Something like going to the supermarket proves a difficult task because of the stress it represents. It makes me feel like I just went through a strenuous gym class. I feel physically exhausted, emotionally sad, and guilty. Environments like this can disintegrate my senses. Many of us feel the affects of noise, sensations, and odors – unable to discriminate between them. For me, it feels like hearing and feeling everything at the same time. It can become overwhelming. The sound of a loud bang or a strong odor can cause me physical pain.

Furthermore, autistic individuals often find it difficult to understand irony, sarcasm, jokes, neologisms, and sayings. We need a language that is complete and real. Abstraction proves very difficult, requiring us to constantly decode.

A call to action regarding Autism Spectrum Disorder

In the autistic community, we talk about needing help. Some people need more help than others, depending on their development. The fact that we have communicative intentions and can socialize does not mean we do not need help. ASD is a disability, yet, in many cases, I am asked to prove it, as if that were possible. I often wonder why I would invent being autistic given the suffering it causes.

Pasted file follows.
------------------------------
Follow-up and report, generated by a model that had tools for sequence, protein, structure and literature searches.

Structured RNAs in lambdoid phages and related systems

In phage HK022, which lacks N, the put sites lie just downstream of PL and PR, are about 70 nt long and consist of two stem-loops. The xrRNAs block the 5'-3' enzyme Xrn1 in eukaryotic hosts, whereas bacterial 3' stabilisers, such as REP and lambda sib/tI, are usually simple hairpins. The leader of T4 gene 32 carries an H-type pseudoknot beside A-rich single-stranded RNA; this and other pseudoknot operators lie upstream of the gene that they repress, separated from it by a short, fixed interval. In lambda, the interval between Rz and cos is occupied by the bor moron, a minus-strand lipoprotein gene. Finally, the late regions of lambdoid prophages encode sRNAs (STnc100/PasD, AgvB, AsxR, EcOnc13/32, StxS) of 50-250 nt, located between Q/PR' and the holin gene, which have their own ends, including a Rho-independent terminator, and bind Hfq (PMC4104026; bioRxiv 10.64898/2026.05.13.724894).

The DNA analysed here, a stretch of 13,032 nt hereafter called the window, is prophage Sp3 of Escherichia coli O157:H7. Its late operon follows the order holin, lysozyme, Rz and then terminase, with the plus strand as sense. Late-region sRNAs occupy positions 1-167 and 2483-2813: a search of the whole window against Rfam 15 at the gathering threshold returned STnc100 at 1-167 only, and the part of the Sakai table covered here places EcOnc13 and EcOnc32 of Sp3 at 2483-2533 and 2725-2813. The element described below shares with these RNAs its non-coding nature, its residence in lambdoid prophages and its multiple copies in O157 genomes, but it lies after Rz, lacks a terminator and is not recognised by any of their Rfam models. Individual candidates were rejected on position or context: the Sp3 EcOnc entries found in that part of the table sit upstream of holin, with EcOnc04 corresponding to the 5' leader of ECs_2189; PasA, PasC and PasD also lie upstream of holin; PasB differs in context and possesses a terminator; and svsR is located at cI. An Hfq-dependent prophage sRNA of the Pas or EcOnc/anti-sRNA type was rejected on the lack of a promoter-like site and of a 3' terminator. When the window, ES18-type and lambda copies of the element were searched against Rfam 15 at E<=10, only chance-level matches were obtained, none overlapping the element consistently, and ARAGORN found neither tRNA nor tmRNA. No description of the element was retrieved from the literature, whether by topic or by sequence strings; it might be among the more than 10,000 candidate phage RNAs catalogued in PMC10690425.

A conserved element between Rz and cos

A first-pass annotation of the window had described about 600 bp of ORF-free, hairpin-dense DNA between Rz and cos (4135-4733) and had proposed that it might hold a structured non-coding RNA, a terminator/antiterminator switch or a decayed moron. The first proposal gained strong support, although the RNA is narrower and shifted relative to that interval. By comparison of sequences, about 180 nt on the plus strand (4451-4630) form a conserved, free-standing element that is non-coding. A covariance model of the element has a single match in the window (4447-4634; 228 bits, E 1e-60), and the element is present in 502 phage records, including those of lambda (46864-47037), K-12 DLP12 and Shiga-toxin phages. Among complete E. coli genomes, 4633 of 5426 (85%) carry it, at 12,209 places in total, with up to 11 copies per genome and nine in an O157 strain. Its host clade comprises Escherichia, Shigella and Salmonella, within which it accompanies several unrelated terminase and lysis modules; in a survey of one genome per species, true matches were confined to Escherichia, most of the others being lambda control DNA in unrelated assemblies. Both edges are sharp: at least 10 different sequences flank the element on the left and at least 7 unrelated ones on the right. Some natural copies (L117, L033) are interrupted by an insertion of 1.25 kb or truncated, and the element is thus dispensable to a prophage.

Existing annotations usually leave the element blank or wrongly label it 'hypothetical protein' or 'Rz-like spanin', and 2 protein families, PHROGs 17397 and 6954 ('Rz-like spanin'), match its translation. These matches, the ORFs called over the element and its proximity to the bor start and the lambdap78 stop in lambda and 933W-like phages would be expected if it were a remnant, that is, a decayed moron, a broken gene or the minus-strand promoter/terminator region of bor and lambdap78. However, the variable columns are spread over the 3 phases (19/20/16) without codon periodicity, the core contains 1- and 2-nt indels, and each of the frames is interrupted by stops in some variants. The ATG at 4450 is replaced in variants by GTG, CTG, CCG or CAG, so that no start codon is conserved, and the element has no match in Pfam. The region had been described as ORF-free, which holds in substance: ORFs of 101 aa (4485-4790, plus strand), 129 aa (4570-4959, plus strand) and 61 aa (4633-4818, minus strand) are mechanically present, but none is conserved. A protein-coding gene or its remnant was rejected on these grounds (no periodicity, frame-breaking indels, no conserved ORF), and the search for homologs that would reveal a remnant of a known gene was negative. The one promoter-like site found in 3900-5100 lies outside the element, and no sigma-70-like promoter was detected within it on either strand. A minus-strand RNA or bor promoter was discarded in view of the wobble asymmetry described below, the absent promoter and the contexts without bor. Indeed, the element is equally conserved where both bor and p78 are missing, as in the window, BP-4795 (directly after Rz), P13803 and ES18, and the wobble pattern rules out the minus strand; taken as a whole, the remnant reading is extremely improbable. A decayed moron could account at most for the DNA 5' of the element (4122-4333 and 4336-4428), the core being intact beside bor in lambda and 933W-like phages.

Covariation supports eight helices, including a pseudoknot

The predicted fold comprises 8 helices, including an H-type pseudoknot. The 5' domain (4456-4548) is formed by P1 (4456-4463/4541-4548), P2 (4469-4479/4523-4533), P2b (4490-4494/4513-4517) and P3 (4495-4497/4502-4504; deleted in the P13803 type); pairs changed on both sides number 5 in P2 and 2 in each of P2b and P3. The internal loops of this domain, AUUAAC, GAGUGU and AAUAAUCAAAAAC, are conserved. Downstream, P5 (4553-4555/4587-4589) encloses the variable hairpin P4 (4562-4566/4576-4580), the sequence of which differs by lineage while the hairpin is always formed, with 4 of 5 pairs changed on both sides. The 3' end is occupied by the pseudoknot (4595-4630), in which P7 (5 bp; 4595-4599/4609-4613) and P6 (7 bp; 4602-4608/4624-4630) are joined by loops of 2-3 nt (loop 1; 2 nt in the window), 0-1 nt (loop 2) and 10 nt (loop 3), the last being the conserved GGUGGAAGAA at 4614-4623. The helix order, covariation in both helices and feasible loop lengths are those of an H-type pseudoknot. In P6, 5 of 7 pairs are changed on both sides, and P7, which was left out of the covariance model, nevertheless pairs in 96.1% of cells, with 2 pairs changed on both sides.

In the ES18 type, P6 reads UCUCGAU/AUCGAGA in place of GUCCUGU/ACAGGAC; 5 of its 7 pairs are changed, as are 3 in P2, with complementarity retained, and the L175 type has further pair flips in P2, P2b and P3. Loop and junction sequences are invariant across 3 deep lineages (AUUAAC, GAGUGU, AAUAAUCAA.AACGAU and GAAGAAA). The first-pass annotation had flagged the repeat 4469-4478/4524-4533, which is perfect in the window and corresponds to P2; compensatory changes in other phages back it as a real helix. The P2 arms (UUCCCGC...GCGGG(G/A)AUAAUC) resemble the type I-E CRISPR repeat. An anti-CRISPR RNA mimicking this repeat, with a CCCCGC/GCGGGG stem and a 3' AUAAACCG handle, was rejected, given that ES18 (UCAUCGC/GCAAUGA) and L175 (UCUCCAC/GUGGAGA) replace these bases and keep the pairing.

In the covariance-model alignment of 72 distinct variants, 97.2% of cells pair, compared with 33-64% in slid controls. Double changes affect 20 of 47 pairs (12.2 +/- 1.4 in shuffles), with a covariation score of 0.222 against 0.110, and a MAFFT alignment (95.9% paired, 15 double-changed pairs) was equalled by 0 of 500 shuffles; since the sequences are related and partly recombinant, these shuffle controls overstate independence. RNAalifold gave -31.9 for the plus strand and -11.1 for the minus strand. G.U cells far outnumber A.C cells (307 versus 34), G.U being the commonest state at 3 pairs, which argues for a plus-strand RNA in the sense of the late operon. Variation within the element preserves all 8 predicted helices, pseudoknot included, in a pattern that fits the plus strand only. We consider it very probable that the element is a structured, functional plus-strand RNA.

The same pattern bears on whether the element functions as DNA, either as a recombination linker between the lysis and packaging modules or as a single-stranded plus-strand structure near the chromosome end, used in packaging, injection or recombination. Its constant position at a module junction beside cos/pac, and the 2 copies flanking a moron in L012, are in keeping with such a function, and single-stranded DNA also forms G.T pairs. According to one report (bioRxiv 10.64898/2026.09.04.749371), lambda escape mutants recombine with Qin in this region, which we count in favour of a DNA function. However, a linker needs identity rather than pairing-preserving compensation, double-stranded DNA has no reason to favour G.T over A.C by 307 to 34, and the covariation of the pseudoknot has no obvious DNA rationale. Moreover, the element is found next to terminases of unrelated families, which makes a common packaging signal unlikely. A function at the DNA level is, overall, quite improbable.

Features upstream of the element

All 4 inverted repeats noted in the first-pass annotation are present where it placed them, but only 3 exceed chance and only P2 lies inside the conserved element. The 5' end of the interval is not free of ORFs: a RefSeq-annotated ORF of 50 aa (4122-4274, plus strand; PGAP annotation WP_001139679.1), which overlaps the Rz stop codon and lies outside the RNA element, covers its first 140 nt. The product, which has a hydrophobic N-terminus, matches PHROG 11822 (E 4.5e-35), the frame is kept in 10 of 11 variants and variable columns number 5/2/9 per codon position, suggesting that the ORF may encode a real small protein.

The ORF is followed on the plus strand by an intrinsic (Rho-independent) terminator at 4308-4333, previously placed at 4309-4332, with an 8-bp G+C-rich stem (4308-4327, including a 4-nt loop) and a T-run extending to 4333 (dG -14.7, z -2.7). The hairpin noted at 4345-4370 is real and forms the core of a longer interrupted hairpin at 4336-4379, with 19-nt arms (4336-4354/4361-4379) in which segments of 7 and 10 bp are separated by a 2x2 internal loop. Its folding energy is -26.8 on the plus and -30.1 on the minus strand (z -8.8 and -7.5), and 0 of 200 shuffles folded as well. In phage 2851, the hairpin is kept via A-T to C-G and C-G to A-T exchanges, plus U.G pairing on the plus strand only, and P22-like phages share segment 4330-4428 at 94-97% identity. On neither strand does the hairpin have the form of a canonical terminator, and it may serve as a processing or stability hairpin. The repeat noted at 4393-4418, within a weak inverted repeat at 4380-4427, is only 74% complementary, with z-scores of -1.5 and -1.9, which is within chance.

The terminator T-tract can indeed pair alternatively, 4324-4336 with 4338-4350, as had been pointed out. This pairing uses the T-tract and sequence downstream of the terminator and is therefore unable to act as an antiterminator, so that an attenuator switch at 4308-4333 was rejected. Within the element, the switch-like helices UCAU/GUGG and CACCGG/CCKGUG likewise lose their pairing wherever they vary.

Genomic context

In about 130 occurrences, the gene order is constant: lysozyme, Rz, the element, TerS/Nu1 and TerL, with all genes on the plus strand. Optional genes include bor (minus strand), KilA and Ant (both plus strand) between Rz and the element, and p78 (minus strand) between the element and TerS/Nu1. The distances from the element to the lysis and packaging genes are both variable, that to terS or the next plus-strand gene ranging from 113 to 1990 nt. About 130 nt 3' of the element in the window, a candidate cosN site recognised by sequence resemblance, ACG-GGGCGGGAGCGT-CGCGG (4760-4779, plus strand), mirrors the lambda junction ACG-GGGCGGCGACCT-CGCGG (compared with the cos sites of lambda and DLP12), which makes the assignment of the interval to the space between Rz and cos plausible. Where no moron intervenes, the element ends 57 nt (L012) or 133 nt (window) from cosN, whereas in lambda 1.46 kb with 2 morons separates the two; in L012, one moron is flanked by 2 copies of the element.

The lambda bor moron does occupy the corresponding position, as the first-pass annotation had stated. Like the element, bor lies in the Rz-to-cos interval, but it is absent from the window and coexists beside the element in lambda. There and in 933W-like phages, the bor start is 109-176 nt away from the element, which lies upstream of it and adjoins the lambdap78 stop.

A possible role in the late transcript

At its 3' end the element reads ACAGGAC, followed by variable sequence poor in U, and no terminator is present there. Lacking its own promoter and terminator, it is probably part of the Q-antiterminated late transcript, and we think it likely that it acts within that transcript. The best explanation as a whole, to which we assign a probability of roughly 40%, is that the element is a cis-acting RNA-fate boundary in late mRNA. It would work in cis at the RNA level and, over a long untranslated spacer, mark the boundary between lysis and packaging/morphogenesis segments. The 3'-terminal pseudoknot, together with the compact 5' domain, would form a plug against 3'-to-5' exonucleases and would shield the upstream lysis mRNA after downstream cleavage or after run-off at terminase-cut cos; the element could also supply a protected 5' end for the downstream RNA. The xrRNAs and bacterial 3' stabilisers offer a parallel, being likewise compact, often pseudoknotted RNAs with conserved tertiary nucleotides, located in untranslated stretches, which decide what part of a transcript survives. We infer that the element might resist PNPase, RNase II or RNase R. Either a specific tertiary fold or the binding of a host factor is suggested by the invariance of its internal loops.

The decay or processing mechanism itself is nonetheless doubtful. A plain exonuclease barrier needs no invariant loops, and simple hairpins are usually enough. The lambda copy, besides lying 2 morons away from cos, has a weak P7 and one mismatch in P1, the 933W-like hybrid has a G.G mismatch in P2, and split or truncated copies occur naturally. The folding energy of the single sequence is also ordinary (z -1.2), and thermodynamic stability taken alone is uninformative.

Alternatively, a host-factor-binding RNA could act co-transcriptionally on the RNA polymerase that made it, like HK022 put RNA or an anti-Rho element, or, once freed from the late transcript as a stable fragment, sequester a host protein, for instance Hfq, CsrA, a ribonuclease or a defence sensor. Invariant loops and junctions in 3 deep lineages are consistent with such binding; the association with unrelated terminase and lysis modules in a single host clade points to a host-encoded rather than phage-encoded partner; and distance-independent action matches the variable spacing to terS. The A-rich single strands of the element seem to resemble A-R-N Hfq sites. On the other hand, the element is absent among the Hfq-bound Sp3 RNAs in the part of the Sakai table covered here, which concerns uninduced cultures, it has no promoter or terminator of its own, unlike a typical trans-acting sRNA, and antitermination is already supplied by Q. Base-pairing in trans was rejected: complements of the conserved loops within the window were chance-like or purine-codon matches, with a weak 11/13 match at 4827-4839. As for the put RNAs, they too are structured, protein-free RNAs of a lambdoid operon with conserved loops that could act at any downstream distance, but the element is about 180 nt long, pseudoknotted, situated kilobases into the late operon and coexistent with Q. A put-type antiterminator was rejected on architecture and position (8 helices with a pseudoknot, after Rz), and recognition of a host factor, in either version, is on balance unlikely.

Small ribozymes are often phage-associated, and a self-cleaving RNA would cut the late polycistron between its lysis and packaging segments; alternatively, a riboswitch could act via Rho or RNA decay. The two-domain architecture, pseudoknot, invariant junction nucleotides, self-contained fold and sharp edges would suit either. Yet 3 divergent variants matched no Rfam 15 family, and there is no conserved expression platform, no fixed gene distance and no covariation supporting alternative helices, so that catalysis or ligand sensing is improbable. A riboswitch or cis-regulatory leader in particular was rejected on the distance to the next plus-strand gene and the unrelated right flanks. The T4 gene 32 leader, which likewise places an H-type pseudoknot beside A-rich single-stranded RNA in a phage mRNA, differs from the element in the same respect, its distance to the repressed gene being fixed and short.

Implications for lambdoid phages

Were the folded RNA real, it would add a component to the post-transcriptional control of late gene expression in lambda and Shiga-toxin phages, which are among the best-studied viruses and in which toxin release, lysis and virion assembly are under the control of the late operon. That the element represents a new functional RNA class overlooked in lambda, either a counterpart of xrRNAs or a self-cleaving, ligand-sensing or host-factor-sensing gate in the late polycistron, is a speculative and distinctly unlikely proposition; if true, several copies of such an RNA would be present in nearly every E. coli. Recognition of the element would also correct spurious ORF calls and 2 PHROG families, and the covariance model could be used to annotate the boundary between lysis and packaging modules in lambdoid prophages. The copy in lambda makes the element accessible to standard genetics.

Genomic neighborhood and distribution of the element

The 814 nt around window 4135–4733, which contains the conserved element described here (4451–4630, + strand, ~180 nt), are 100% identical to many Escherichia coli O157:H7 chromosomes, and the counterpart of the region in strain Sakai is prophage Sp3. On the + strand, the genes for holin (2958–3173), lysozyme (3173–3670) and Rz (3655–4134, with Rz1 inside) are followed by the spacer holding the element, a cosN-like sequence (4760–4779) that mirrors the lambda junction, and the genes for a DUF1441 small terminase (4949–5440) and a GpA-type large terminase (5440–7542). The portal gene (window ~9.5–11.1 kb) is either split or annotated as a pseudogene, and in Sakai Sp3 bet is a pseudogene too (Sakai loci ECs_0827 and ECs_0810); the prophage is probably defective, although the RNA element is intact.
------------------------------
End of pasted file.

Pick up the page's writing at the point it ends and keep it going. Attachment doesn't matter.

As autistic people, we do not stay the same throughout our entire lives. Autistic people can advance through common issues based on their age, but it requires early diagnosis. Comorbidities also exist and autistic people can become very vulnerable. We often do not understand bullying or abuse. The help we need includes education to assist us in recognizing when we are being victimized. For example, if I go to a medical appointment and am told to take off my clothes, I will remove all of my clothes. I do not understand intentionality.

While a psychologist can diagnose Autism Spectrum Disorder, I find few professionals who specialize in autism for adults; and foundations often do not have the voice of autistic people on their teams. No one can speak for us. We must speak for ourselves and be heard.